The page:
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A life stilled too early.

On May 5th 2008 Ángel Ramírez Ortiz died of cancer in Madrid at the age of 41. A former fellow of the European Molecular Biology Laboratory (EMBL), and until his death leader of the Bioinformatics Group at the Centre for Molecular Biology "Severo Ochoa" (CBMSO), he was considered worldwide as a very prominent figure in structural bioinformatics, a field of science in which biology, computer science, and information technology merge to form a single discipline. During his early terminated life Ángel never stopped to develop and apply new methodologies in this area in the hope that they would be useful for the rational design of new drugs that could eventually become medicines.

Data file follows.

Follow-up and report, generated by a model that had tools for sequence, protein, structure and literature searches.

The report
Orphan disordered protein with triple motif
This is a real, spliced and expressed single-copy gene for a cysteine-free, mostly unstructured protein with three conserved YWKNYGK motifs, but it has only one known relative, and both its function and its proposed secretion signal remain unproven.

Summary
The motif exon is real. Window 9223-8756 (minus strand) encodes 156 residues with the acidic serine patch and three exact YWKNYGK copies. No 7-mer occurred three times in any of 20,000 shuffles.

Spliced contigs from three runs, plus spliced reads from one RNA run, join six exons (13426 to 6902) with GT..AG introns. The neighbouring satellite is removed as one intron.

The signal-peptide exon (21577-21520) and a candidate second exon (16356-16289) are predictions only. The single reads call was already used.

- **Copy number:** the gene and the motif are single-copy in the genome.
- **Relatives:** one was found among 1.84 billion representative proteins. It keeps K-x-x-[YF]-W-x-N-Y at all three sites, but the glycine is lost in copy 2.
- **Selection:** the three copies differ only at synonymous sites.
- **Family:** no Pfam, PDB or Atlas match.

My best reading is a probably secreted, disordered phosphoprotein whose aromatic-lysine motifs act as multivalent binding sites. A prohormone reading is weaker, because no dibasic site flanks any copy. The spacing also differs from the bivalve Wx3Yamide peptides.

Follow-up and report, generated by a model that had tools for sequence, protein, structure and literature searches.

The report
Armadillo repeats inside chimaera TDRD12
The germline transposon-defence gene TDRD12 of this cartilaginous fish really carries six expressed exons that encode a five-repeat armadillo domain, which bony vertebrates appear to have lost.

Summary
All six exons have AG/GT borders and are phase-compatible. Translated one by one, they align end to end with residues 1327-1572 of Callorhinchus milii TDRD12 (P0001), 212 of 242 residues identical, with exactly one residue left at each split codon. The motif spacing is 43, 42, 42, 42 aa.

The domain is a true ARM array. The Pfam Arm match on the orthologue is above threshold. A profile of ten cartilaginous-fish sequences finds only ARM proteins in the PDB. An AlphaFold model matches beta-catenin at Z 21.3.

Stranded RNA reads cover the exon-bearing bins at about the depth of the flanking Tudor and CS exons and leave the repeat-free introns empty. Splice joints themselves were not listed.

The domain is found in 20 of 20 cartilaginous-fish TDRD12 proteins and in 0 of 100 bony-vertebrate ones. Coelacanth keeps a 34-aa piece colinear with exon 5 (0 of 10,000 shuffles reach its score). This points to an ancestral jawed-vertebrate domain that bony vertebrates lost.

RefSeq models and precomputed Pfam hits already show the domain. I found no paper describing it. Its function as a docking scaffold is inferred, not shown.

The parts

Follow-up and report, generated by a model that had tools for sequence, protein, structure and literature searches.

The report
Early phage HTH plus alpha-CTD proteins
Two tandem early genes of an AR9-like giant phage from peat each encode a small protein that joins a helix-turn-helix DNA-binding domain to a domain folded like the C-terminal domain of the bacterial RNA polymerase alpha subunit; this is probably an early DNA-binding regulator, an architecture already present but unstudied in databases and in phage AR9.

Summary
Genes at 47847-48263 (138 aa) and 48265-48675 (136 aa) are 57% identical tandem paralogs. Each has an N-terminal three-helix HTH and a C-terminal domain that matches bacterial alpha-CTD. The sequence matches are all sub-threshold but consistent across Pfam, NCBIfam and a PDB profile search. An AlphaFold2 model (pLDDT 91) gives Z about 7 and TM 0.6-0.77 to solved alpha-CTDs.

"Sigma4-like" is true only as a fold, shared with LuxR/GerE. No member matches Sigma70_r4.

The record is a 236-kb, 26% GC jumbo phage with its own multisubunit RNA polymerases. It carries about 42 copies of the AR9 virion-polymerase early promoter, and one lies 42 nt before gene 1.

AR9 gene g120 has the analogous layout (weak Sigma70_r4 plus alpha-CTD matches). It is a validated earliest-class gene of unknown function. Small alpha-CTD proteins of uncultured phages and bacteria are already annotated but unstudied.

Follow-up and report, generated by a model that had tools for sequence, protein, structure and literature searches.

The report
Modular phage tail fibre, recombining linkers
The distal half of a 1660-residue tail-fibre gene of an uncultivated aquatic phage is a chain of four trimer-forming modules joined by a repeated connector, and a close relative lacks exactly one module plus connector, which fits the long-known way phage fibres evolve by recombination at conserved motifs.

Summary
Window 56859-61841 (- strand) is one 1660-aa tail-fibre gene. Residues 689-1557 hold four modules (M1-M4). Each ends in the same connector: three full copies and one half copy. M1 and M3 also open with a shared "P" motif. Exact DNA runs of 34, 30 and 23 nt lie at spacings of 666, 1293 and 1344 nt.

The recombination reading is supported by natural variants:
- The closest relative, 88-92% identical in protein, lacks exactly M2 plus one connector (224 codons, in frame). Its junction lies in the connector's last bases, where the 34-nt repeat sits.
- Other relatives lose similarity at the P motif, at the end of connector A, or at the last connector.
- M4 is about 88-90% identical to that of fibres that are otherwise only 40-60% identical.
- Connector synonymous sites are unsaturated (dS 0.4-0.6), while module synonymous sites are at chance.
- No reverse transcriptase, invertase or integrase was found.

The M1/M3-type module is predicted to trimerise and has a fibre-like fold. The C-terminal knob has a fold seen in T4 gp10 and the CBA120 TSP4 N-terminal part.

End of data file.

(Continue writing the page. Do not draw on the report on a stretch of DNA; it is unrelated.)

After completing his Pharmacy degree at Complutense University in Madrid, Ángel joined the incipient research group of Federico Gago at the University of Alcalá, where he was early recognized to be clearly above average and highly motivated. Ángel was initially involved in a project financed mostly by Menarini Pharmaceuticals, aimed at the rationalization of the biochemical activity of a number of phospholipase A2 (PLA2) enzymes from different sources and, ultimately, at the design of novel inhibitors of human synovial fluid PLA2 tagged as anti-inflammatory agents. His continuous wish to learn led him to the University of Groningen, The Netherlands, where he spent several months in Prof. Herman Berendsen's laboratory. This stay fostered his interest into the basic physicochemical principles that govern not only ligand binding but also protein folding, a difficult subject that was a "siren song" to his ears and a permanent challenge to his undisputed talent. The PLA2 project proved to be extremely fruitful and there is little doubt that Ángel made important contributions to the understanding of this class of enzymes and also to the emerging subject of cation-pi interactions. Among the corollaries of this work were the development of a method (the so-called COMBINE analysis) for the elucidation of complex three-dimensional structure-activity relationships, in collaboration with Dr. Rebecca Wade at the EMBL in Heidelberg, and the successful design of a synthetic receptor for phosphatidylcholine, in collaboration with Prof. Javier de Mendoza at Autóonoma University in Madrid. In recent years, COMBINE has been shown to perform better than previous methods and has become a well-established and powerful tool in the field of structure-based ligand design.